Two Manchester businesses named and shamed over minimum wage failures

Two Manchester businesses have been named and shamed for failing to pay their workers minimum wage.

Dove Mill Retail Outlet in Bolton failed to pay £461.84 to a worker and HSS Hire Service Group in Manchester failed to pay £149.00 to 15 workers.

The companies were investigated by HM Revenue & Customs (HMRC) after members of staff called a free helpline to report they were being underpaid.

Both were revealed as part of a government initiative launched in October to name and shame companies who break minimum wage law.

Business minister Jenny Willott said: “Paying less than the minimum wage is not only wrong, it’s illegal.

“If employers break the law they need to know that they will face tough consequences.”

Employers who underpay will face a £20,000 fine per employee who is underpaid under new plans announced in the Queen’s Speech last week.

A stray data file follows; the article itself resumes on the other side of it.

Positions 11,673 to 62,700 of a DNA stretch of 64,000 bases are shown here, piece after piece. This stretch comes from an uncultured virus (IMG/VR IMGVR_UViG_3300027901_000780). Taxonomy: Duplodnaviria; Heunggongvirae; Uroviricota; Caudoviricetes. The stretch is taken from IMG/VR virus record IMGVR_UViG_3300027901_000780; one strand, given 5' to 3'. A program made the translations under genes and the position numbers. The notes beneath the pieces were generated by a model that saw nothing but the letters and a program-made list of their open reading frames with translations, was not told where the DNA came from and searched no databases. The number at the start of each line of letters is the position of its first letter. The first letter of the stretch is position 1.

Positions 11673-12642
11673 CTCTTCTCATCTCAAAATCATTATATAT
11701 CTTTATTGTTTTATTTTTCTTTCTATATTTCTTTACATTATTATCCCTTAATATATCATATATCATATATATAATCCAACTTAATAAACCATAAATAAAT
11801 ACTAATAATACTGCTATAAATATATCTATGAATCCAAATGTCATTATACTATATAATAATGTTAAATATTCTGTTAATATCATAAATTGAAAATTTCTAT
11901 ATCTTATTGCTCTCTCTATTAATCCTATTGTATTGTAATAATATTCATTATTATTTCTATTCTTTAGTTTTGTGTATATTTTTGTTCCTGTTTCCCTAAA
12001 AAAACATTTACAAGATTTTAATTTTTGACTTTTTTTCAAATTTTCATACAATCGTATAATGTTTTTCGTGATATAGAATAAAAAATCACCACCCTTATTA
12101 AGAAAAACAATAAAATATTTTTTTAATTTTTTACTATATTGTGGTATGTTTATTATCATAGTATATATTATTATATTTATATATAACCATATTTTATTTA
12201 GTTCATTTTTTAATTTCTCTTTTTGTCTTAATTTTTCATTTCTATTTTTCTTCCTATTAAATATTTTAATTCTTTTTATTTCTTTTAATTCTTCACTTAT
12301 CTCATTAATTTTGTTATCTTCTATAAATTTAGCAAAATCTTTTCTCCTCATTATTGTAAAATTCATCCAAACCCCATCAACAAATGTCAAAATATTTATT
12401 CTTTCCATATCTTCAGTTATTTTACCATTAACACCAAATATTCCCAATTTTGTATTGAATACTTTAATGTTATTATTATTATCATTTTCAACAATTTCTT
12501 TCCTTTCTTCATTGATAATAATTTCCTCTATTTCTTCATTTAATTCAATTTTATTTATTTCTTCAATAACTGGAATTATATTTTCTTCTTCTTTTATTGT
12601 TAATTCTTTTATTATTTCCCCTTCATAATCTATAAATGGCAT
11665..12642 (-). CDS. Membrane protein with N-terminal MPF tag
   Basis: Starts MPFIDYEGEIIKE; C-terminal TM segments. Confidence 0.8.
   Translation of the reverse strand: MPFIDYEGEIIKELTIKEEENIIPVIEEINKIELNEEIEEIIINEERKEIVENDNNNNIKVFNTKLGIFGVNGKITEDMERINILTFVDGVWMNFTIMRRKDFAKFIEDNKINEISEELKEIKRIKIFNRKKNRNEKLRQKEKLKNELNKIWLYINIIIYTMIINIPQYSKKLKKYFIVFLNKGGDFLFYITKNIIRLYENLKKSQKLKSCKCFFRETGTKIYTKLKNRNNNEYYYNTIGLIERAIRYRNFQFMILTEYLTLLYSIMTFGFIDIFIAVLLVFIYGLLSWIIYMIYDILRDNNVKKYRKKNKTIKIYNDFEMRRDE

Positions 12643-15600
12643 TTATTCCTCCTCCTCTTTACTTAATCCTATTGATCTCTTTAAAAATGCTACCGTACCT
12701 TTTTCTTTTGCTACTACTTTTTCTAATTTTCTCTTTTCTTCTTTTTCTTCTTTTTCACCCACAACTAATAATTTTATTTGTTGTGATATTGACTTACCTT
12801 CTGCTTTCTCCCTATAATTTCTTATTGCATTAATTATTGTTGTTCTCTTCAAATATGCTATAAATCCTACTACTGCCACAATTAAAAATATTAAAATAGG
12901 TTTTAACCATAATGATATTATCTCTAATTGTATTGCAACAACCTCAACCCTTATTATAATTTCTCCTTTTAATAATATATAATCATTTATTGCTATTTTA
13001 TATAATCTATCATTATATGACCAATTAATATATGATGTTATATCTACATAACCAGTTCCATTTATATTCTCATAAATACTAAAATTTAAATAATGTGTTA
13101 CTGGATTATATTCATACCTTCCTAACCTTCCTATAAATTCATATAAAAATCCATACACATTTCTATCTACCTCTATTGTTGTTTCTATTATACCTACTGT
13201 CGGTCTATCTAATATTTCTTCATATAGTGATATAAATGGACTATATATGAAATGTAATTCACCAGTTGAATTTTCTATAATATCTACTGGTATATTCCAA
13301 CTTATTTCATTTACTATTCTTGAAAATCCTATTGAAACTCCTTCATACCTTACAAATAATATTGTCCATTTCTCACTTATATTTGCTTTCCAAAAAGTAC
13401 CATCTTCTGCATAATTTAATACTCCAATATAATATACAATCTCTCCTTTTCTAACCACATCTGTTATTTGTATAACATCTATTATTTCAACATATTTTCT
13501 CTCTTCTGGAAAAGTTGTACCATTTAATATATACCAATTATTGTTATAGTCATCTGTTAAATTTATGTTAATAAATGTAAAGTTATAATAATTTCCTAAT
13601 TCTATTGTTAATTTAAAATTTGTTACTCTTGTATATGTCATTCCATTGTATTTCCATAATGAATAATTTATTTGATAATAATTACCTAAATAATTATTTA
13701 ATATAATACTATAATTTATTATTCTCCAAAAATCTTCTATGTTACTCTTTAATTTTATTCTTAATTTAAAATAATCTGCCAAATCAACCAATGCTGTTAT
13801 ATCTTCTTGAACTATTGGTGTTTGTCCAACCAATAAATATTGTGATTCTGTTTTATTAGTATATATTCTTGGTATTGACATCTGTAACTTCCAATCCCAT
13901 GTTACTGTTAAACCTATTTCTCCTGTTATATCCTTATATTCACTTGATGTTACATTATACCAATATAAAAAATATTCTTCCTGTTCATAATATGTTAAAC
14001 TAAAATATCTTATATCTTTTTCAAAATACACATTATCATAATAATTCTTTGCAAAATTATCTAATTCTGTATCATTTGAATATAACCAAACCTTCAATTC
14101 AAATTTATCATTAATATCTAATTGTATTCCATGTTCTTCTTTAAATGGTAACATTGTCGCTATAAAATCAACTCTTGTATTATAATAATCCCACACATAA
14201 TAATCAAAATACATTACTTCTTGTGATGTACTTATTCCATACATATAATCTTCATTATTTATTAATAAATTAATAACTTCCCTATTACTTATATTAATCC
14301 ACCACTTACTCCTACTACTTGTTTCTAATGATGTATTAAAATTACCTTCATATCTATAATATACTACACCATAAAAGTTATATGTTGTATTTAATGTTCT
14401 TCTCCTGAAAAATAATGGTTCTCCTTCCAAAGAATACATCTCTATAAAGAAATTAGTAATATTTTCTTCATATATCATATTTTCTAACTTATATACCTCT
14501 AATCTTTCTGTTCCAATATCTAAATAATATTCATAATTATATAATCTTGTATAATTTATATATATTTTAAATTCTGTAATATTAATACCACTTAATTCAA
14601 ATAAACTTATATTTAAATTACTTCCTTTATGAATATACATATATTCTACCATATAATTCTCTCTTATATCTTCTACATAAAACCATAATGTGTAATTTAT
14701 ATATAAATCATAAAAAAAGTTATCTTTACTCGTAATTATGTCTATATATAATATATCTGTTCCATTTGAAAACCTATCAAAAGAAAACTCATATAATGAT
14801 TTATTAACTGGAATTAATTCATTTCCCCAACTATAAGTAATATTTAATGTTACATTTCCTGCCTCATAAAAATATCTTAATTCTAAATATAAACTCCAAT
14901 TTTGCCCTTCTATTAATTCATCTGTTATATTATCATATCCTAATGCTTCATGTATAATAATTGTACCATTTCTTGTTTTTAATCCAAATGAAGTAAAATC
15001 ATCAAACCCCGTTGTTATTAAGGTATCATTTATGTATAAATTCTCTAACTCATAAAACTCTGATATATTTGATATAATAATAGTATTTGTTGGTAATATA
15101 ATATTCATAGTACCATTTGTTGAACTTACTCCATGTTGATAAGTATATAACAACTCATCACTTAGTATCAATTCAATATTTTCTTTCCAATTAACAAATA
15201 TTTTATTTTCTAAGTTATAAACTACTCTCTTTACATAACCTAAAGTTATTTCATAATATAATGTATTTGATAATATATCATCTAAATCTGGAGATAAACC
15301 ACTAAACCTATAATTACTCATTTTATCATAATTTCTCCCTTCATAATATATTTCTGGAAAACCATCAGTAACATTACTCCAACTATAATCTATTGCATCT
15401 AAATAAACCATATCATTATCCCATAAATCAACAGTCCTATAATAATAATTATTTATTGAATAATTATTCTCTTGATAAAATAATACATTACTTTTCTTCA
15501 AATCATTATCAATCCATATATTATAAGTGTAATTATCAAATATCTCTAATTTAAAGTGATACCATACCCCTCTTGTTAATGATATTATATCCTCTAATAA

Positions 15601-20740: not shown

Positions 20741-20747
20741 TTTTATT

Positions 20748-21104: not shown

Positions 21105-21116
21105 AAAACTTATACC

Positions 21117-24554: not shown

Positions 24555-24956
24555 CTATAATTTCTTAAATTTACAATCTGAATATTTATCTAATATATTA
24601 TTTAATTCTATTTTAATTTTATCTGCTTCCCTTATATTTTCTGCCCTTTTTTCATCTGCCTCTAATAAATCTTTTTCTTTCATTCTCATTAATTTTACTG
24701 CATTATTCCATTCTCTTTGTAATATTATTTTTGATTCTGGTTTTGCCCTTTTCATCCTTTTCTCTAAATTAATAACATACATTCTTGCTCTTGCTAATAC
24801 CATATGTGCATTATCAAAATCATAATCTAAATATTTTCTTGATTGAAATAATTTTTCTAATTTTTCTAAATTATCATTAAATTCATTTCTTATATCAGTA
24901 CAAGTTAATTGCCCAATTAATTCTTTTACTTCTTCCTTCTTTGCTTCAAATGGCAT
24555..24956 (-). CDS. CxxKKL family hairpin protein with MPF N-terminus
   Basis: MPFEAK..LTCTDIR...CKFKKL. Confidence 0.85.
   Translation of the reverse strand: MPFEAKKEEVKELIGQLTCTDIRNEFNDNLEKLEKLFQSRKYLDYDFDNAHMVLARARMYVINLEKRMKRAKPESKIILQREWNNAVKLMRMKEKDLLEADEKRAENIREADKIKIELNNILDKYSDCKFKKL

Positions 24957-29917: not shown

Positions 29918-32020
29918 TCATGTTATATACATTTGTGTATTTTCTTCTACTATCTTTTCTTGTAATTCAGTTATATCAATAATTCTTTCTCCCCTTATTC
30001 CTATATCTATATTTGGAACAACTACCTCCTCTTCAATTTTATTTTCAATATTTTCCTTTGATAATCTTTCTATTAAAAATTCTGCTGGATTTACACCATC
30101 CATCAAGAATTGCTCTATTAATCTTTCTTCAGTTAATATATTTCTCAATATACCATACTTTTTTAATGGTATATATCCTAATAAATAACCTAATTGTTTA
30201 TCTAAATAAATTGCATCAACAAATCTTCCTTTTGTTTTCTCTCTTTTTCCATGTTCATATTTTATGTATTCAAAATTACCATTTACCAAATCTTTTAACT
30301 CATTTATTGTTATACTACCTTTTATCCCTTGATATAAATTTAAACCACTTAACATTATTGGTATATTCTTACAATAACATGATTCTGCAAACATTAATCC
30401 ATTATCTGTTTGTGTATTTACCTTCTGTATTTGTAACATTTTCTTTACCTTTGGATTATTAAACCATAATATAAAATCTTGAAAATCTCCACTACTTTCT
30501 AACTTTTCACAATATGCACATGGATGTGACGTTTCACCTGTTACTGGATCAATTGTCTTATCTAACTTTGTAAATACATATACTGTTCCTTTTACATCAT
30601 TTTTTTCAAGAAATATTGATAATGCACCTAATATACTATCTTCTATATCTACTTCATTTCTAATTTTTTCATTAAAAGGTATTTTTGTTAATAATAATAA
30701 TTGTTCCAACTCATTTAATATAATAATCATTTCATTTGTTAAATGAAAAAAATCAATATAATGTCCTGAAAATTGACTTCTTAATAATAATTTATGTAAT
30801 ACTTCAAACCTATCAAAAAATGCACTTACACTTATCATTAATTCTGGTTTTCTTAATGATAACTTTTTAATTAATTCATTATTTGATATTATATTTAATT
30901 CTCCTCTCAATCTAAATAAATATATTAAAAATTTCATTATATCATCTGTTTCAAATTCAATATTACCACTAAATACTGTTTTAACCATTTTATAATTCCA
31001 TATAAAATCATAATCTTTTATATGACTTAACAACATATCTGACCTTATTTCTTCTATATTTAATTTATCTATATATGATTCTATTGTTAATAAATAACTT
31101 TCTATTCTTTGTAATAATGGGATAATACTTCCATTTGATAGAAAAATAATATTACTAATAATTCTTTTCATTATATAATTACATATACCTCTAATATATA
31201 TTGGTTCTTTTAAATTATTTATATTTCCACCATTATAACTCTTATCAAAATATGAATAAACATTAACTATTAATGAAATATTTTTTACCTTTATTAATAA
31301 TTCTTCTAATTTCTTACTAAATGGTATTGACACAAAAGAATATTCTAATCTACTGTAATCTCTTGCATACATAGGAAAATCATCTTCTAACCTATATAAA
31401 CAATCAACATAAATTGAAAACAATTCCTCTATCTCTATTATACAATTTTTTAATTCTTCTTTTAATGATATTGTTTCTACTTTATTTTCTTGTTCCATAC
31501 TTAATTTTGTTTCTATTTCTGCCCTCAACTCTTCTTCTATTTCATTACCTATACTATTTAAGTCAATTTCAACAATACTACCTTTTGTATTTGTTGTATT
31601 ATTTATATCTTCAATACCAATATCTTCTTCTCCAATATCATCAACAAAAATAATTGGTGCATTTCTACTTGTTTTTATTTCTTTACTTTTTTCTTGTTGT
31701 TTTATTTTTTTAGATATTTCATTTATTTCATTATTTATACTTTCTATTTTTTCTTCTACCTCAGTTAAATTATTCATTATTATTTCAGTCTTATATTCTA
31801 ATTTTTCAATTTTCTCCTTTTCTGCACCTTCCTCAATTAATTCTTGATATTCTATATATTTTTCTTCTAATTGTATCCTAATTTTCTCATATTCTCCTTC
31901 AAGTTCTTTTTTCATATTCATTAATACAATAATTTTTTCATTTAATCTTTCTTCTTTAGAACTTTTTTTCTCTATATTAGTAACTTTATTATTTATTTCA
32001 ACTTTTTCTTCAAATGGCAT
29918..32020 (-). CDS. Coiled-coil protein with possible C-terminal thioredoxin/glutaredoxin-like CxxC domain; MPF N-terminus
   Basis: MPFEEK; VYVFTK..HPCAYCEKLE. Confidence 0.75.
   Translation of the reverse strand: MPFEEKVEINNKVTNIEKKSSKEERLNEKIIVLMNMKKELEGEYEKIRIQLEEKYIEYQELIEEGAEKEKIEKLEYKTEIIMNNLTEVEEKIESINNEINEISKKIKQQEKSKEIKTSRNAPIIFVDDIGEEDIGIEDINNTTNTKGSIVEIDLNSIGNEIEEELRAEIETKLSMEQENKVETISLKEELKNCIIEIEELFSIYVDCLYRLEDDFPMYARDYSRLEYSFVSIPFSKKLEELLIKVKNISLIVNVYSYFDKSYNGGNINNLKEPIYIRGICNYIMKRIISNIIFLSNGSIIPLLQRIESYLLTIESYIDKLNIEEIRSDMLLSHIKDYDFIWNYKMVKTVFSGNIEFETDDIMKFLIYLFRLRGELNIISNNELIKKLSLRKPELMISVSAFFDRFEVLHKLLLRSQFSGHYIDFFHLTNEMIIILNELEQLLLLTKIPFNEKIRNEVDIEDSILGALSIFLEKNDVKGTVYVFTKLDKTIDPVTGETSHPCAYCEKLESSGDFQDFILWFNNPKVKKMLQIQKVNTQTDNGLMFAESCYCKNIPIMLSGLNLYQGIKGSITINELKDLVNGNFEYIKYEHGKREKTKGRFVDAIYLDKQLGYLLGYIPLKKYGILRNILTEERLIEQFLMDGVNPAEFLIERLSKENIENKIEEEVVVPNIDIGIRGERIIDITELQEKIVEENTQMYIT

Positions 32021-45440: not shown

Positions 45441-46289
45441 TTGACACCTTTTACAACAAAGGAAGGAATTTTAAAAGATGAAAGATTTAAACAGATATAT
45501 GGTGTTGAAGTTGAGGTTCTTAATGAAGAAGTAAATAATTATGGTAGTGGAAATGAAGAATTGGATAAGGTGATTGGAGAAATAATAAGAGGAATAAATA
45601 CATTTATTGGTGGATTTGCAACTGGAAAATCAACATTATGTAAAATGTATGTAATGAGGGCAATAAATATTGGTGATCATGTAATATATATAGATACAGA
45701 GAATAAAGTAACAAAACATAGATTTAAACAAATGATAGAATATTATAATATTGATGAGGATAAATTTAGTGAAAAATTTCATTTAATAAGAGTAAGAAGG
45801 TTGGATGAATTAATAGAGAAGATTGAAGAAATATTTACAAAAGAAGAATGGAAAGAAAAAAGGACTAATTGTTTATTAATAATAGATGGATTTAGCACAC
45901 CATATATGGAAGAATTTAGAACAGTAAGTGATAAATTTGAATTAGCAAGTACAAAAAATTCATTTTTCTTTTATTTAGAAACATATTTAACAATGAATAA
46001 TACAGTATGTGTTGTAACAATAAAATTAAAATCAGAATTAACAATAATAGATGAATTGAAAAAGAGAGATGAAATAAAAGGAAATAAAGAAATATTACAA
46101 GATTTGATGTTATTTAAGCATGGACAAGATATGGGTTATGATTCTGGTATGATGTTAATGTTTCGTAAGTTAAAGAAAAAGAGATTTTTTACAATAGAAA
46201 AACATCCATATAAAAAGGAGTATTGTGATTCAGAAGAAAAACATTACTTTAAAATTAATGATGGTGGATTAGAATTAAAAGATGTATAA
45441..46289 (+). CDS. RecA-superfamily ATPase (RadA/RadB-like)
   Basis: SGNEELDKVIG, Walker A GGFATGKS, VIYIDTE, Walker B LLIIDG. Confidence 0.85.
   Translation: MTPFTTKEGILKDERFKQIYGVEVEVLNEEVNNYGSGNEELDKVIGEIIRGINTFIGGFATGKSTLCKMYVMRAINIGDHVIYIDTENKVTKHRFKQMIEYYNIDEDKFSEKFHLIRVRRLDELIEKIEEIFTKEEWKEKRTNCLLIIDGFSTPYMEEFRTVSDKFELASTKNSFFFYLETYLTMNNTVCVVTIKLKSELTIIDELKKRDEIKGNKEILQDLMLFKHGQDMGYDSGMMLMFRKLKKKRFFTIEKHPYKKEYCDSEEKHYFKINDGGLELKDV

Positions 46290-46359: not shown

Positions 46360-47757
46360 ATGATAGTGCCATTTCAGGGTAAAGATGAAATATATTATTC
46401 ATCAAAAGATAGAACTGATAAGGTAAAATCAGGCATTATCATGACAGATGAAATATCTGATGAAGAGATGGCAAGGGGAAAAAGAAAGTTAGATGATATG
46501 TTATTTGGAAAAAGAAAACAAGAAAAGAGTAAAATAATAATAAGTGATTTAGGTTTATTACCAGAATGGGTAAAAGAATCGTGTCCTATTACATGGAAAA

TUC general secretary Frances O’Grady said: “It’s great that minimum wage crooks are finally getting named and shamed.

“Under-paying your lowest paid staff is immoral and illegal. Employers caught in the act deserve to be fined and have their reputation ruined.

“This should send a clear message that dodging the minimum wage does not pay. All minimum wage cheats should be named and shamed, and HMRC need greater resources to catch even more crooks.”

Dove Mill is a textile store which sells bedding, curtains and home ware. It operates from a 100-year-old Victorian Cotton Mill and has a stand alone store in Ormskirk. 

HSS Hire is a national supplier of tool and equipment hire, they provide equipment management and hire services to big businesses, trade and DIY customers.

When the minimum was first introduced it decreed that adult workers had to be paid at least £3.60 an hour, with those under 22 getting £3.

The rates currently stand at £6.31 for those aged 22 and above, £5.03 for 18 to 20-year-olds, and £3.72 for those under 18.

 If workers believe that they are not being paid the wage they are legally entitled to they should call the Pay and Work Rights helpline on 0800 917 2368.

Image courtesy of Google Maps, with thanks.

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